To a strong degree, we are in accord. I think it should be discussed, all the way to the extremes, because I would like people to understand what is implied by this little fragment:
ethical issues raised by the policy of prolonging life in newborn babies.The term should not be "prolonging life in newborns," but "preserving life." A child exists. He or she has life. If that child can continue to live without hourly heroic measures -- but simply requires costly maintenance -- should not that child receive all the help he can?
Perhaps a child is born with a blood disease, requiring regular transfusions. Give them. A child is born severely brain-damaged and cannot ever process basic thought or control his bodily functions. Love him, nonetheless. If the biological parents are incapable of mustering the necessary strength to raise a sick baby, surely there are others in this world willing to make the sacrifice, adopting the baby and tending to his or her needs.
Life -- all life -- is a gift.
Not to protect that life surely must go against all instincts for self-preservation, let alone species survival. If a doctor, a parent, a society reaches a decision that one is not worth saving, how, then, can we justify saving the next? Where, for example, will help come from when I am deemed too defective to save, because I have a two screwy knees and an even screwier mind, but the meds cost the insurance company or the state too much? And, then, what about people whose eyes could use surgical correction, or whose teeth need braces, or who just don't feel like getting out of bed today? How do we declare any innocent human to be not worth the expense of keeping alive?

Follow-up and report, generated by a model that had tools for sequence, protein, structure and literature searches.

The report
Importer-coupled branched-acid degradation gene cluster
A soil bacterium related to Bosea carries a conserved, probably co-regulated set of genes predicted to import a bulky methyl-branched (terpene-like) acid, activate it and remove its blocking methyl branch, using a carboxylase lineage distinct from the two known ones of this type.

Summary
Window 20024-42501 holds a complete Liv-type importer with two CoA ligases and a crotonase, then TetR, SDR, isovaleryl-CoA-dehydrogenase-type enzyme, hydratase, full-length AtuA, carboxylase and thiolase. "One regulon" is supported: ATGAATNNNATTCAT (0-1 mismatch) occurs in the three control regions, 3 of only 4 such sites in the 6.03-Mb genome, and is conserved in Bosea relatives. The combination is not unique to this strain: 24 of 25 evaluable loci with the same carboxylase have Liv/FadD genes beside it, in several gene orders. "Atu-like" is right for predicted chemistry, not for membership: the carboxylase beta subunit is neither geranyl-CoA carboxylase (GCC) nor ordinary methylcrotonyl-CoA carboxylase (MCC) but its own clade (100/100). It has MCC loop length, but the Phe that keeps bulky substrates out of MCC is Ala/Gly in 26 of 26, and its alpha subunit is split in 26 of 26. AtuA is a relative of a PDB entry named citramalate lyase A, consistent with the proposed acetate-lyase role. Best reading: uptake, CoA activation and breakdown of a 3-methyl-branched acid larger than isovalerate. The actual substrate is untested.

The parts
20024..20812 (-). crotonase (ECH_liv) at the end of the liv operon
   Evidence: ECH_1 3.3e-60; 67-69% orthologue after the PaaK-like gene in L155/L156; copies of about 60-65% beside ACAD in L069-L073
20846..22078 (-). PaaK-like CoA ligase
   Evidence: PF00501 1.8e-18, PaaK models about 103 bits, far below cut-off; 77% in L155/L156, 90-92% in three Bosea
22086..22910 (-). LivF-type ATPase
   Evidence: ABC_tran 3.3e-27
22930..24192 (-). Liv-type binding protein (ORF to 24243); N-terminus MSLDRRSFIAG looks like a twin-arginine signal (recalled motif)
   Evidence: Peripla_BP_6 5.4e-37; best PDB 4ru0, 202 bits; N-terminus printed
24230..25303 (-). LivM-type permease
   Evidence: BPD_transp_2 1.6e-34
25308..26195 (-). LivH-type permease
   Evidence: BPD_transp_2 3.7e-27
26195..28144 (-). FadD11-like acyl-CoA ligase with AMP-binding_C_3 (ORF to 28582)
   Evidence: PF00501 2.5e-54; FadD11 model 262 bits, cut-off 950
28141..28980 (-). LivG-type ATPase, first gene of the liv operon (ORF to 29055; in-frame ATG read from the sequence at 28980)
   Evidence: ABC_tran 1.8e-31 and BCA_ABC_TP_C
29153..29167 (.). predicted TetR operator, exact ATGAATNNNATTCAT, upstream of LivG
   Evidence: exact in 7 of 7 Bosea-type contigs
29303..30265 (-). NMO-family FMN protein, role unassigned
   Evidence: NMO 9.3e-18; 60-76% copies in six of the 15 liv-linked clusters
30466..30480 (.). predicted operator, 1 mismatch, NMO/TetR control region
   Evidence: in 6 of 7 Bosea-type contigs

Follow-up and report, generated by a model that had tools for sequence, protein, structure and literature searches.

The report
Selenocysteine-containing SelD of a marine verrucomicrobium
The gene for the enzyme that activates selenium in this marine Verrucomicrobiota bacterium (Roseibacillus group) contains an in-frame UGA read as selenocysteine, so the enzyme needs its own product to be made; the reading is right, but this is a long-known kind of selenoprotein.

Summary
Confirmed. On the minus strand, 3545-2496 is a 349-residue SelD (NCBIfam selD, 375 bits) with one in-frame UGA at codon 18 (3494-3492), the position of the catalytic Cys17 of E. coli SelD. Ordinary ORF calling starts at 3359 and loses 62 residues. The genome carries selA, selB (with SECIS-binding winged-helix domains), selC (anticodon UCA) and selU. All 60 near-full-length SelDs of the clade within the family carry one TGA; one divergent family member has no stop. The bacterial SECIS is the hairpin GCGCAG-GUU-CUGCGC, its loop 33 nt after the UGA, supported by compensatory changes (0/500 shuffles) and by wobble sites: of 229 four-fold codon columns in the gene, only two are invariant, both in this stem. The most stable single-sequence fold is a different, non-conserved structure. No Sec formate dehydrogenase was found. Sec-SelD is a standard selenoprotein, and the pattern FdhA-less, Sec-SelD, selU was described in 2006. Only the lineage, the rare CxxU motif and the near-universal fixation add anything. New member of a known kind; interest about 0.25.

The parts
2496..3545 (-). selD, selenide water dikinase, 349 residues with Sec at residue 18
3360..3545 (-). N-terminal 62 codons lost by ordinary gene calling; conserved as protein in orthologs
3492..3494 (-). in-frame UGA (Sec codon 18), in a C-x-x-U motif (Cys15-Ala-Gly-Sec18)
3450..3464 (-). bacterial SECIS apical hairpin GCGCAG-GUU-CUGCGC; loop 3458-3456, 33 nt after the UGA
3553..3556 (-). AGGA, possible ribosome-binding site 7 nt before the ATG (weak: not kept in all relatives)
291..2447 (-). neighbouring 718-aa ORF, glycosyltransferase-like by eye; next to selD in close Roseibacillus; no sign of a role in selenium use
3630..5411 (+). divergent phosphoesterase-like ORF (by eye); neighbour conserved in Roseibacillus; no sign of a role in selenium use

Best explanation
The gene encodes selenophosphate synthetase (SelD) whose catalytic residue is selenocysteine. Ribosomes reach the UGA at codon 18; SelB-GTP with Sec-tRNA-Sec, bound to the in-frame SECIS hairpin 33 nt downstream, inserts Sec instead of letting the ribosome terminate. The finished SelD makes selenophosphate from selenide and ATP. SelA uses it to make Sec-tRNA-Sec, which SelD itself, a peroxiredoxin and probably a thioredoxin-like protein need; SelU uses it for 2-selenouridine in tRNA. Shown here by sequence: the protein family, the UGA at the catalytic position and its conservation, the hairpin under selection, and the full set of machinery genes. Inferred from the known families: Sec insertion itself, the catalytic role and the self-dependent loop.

"A very disabled child can mean a disabled family," the submission says.And, yet, that will not kill the other members of the family. Were the infant's illness to be lethal to others (a la an "X-Men" super-villain, I suppose), perhaps euthanasia might be discussed. After all, it would then be a choice between one innocent life and many other innocents. But for mere hardship? Have we so coddled our society that we think we have a right to perpetual ease, regardless of the nature of nature itself? How depraved must a society have come, to consider murdering even more innocents so some other people can avoid discomfort?
John wonders if this debate could even remotely be discussed in a place where medical treatments were non-taxpayer-funded. I contend that it comes out the same, even if the parents are insured via HMO. Bureaucracy -- public or private -- may very well defeat the purpose behind the health care programs they were ostensibly designed to protect. To them all, the bottom line is of topmost concern.
Call me a fantasist, but ultimately, I can only hope that the big monster paper-pushing people-eaters will swallow themselves whole, and we will be able to grow strong again, both medically and morally.